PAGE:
Iqbal Ahmad, J.
1. This is a defendant's appeal and arises out of a suit for a declaration that the plaintiffs are the owners of the land in dispute and that by pure mistake that land has been recorded in the revenue papers in the name of the defendant. The defence was a denial of the plaintiffs' title to the land in dispute and further that the suit was barred by the six years rule of limitation. Both the Courts below have decreed the plaintiffs' suit. From a perusal of the judgment of the learned Munsif it appears that he has not dealt with the question of limitation that formed the subject-matter of Issue No. 2. Probably the question was not discussed before the learned Munsif. But the point appears to have been raised before the learned Subordinate Judge and the learned Subordinate Judge has overruled the plea of limitation and affirmed the decree of the trial Court.
2. The lower appellate Court has found as a fact that the title to the land in dispute is with the plaintiffs. This is a finding of fact and cannot be challenged In second appeal. The main point urged before me is that the lower appellate Court was wrong in holding that the suit was not barred by the six years rule of limitation. It was argued that the wrong entry having been made in or about 1885 and that wrong entry having continued up to the present day, the plaintiffs' right for a declaratory relief is barred. In support of this view reliance is placed on the case of Akbar Khan v. Turaban  31 All. 9.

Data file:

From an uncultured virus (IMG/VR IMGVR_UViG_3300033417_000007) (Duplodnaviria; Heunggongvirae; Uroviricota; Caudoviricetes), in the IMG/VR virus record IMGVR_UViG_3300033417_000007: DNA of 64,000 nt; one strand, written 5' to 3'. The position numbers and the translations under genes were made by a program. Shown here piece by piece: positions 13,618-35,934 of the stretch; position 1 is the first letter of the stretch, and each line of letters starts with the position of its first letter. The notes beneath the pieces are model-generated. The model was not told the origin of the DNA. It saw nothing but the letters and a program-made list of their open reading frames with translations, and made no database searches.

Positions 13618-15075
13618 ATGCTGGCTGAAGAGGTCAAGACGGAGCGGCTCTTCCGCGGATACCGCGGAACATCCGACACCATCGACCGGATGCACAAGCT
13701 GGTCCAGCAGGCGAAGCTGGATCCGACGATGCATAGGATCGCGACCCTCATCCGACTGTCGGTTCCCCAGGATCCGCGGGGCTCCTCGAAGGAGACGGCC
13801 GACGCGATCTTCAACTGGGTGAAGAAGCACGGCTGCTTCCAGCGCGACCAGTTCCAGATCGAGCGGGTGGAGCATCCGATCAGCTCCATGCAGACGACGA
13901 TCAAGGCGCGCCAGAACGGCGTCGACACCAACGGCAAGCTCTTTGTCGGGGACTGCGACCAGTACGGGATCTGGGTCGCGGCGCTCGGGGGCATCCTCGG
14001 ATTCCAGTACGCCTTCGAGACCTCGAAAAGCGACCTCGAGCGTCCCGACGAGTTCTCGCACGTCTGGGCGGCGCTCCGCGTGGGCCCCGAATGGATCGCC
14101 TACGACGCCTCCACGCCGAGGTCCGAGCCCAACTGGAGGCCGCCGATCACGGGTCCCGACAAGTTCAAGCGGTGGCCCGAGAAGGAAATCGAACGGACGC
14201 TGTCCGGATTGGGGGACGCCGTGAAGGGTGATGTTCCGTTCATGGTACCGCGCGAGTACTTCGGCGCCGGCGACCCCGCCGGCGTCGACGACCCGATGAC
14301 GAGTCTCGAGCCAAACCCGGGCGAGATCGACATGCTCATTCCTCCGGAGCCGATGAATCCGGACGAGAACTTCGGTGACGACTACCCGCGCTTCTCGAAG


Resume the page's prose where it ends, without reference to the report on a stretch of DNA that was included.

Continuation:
3. In my opinion there is no force in the argument advanced on behalf of the appellant. It appears that once in 1897 the plaintiffs sued the defendants in respect of this very plot and the grievance of the plaintiffs in that suit was that the land in dispute had by mistake been recorded in the kurra of the defendants and that suit ended in a compromise by which the plaintiffs' title to the land in dispute was recognized, and eventually formal delivery of possession was made to the plaintiffs on 1st May 1897. Notwithstanding that compromise the wrong entry in the revenue papers continued. On the strength, of that wrong entry the defendant recently, and certainly within six years of the institution of the suit, sued the tenants in possession of the land in dispute for rent. This action of the defendant, in my opinion, constituted a fresh invasion of the plaintiffs' right and did give them a fresh cause of action. This was the view taken 'in the case of Ilahi Bakhsh v. Harnam, Singh  A.W.N. 215 which is noted in Sridhar Rao v. Ram Lal  31 All. 7 at p. 10. In my opinion the decision of the lower appellate Court is perfectly correct and I dismiss this appeal under Order 41, Rule 11.